safe in public spaces. Many students feel that having a car creates a greater danger for having their items stolen. A staggering amount of students who have cars, and park them off campus in Oakland, have had their car windows smashed and experienced their valuables being stolen from inside the car. Putting valuables in your car’s trunk — out of sight of potential thieves who can look through your car’s windows and spot items to steal — is a good way to circumvent this problem. Some students also feel unsafe on campus, citing the lack of crime prevention and adequate safety measures taken to keep students safe. For example, it’s a fairly simple process to obtain an overnight guest pass, whether or not you’re a student, and Public

Safety does not ask to see any ID’s when people enter the campus — they simply wave them through, which has raised quite a bit of concern from students. Dormitory theft is the biggest form of crime on campus, largely because of the number of doors left unlocked when students leave their rooms for class or elsewhere. It only takes one opportunity for someone to walk into your room and steal a laptop, a phone or something else of value. The best way to protect your belongings when they’re in your room? Lock your doors. Although the crime rate on and off campus has been high as of late, students can take safety measures to protect themselves and their belongings in public spaces.

Living with depression in modern times Jen Mac Ramos online editor

On weekends, I usually spend my nights at my computer. This one particular Sunday wasn’t any different. I had plans to read my economics book, but with a holiday coming up, I thought, “Eh, I have more time to read tomorrow.” So more time-wasting activities it was. I found myself on Tumblr, refreshing the page whenever there was a good amount of new posts. There was one that struck me about a game called Depression Quest. This was in the description: “Depression Quest is an interactive fiction game where you play as someone living with depression. You are given a series of everyday life events and have to attempt to manage your illness, relationships, job, and possible treatment. This game aims to show other sufferers of depression that they are not alone in their feelings, and to illustrate to people who may not understand the illness the depths of what it can do to people.” I played until the end of the game. It felt so real to me and the longer I played, the more emotional I got. I started thinking, “I remember this so well. Has it been two or three years since that? How did I get to a point where I feel okay with everything in my life?” I’ve known since I was a teenager that my brain chemistry was off. I had anxiety, ADD, and depression, but I always thought I could manage it somehow. I took a year off from school after high school graduation because I knew I wasn’t mentally ready to go to college — but I don’t tell peoplethat. How do you tell people, “I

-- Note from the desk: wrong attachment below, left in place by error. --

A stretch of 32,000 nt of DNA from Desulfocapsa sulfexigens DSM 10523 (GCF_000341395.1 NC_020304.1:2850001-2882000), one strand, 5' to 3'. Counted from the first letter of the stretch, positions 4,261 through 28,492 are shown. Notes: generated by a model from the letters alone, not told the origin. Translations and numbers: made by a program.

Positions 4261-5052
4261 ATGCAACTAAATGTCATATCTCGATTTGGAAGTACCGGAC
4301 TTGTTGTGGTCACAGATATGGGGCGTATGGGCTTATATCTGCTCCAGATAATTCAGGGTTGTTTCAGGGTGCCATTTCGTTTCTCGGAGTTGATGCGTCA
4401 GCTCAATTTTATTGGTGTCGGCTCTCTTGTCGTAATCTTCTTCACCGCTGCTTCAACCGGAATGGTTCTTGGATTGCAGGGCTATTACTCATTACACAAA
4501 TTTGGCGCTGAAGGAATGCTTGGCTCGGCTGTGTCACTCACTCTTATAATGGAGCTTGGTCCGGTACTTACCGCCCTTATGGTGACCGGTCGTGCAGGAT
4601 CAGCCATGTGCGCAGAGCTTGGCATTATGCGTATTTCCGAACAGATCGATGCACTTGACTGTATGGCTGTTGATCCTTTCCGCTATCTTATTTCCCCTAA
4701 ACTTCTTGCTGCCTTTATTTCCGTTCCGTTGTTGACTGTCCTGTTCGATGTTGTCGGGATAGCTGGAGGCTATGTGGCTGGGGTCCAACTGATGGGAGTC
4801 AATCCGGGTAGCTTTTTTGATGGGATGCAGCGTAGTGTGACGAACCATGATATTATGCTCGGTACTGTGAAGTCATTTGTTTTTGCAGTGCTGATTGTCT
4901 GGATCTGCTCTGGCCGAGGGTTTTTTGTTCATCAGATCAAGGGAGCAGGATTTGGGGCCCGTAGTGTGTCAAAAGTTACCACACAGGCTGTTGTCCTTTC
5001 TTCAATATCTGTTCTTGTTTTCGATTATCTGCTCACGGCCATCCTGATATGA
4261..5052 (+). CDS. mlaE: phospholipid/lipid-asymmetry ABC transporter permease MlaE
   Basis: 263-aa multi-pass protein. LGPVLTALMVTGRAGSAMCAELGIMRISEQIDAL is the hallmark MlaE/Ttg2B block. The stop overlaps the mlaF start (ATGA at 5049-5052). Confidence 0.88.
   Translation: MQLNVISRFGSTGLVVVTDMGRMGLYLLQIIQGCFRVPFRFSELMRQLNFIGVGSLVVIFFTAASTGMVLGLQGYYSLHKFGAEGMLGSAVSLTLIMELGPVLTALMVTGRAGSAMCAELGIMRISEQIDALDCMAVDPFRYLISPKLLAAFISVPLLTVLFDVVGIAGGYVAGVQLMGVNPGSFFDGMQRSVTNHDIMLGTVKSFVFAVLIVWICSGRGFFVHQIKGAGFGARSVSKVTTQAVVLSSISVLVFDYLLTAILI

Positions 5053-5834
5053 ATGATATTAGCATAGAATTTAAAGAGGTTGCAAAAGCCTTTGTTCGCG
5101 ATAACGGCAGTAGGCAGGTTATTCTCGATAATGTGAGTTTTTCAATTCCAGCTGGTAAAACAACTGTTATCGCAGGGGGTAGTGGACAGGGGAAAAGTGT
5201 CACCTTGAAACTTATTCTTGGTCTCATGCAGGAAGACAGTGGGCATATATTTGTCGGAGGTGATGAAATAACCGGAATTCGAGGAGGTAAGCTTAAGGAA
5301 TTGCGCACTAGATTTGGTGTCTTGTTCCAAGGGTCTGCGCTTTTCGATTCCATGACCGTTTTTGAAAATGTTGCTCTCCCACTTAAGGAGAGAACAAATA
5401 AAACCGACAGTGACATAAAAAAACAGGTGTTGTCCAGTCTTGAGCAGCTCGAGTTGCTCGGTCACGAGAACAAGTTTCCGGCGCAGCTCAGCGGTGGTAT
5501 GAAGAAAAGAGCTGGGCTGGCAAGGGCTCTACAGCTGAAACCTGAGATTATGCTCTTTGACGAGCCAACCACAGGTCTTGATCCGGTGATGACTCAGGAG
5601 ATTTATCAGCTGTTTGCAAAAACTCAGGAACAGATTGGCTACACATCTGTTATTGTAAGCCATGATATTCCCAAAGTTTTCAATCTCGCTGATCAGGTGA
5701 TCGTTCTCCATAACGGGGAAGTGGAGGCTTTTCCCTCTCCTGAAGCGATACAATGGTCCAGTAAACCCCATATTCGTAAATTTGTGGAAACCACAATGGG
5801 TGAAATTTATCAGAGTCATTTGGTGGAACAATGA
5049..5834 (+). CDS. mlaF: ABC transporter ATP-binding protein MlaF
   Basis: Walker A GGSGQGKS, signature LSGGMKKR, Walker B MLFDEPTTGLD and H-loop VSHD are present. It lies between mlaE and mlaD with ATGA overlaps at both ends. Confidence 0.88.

just wasn’t ready”? After a few weeks into my first semester at Mills, I knew I was getting worse. I went to see a counselor, but I felt uncomfortable and embarrassed. I couldn’t open up to her or anyone, really. I felt trapped in a shell. I hadn’t been in a classroom setting in over ten years (I was homeschooled), so this was new territory for me. I wasn’t sure if I was crossing any social boundaries, and as a result I found myself pretending that I liked things I wasn’t sure of, convincing myself that I did. And I didn’t know what I needed to do. I remember the aimless late night walks around campus and the friends I lost along the way. I didn’t know what was wrong or why I felt sad about everything all the time. There were the days when I could not get out of bed and my room became a mess. I’m about two years removed from when I had my breakdown, one that lead me to finding a treatment plan that worked for me. I still remember the support of friends, but when you’re trapped in your headspace, you can’t appreciate the things people do for you. There are so many thoughts racing that make you think, “There is no possible way that they are telling me this and not feeling superior than me.” Through support and treatment, I learned that wasn’t the case at all. I know I’ll never fully get rid of depression or anxiety. I still find it incredibly difficult to be completely open about my struggles. It’s hard to be social when you think that people will want to try to fix you or use you to get meds. I try to be more open for the sake of destigmatization, but there’s only so much I can do alone. Loneliness can eat you alive and trap you in a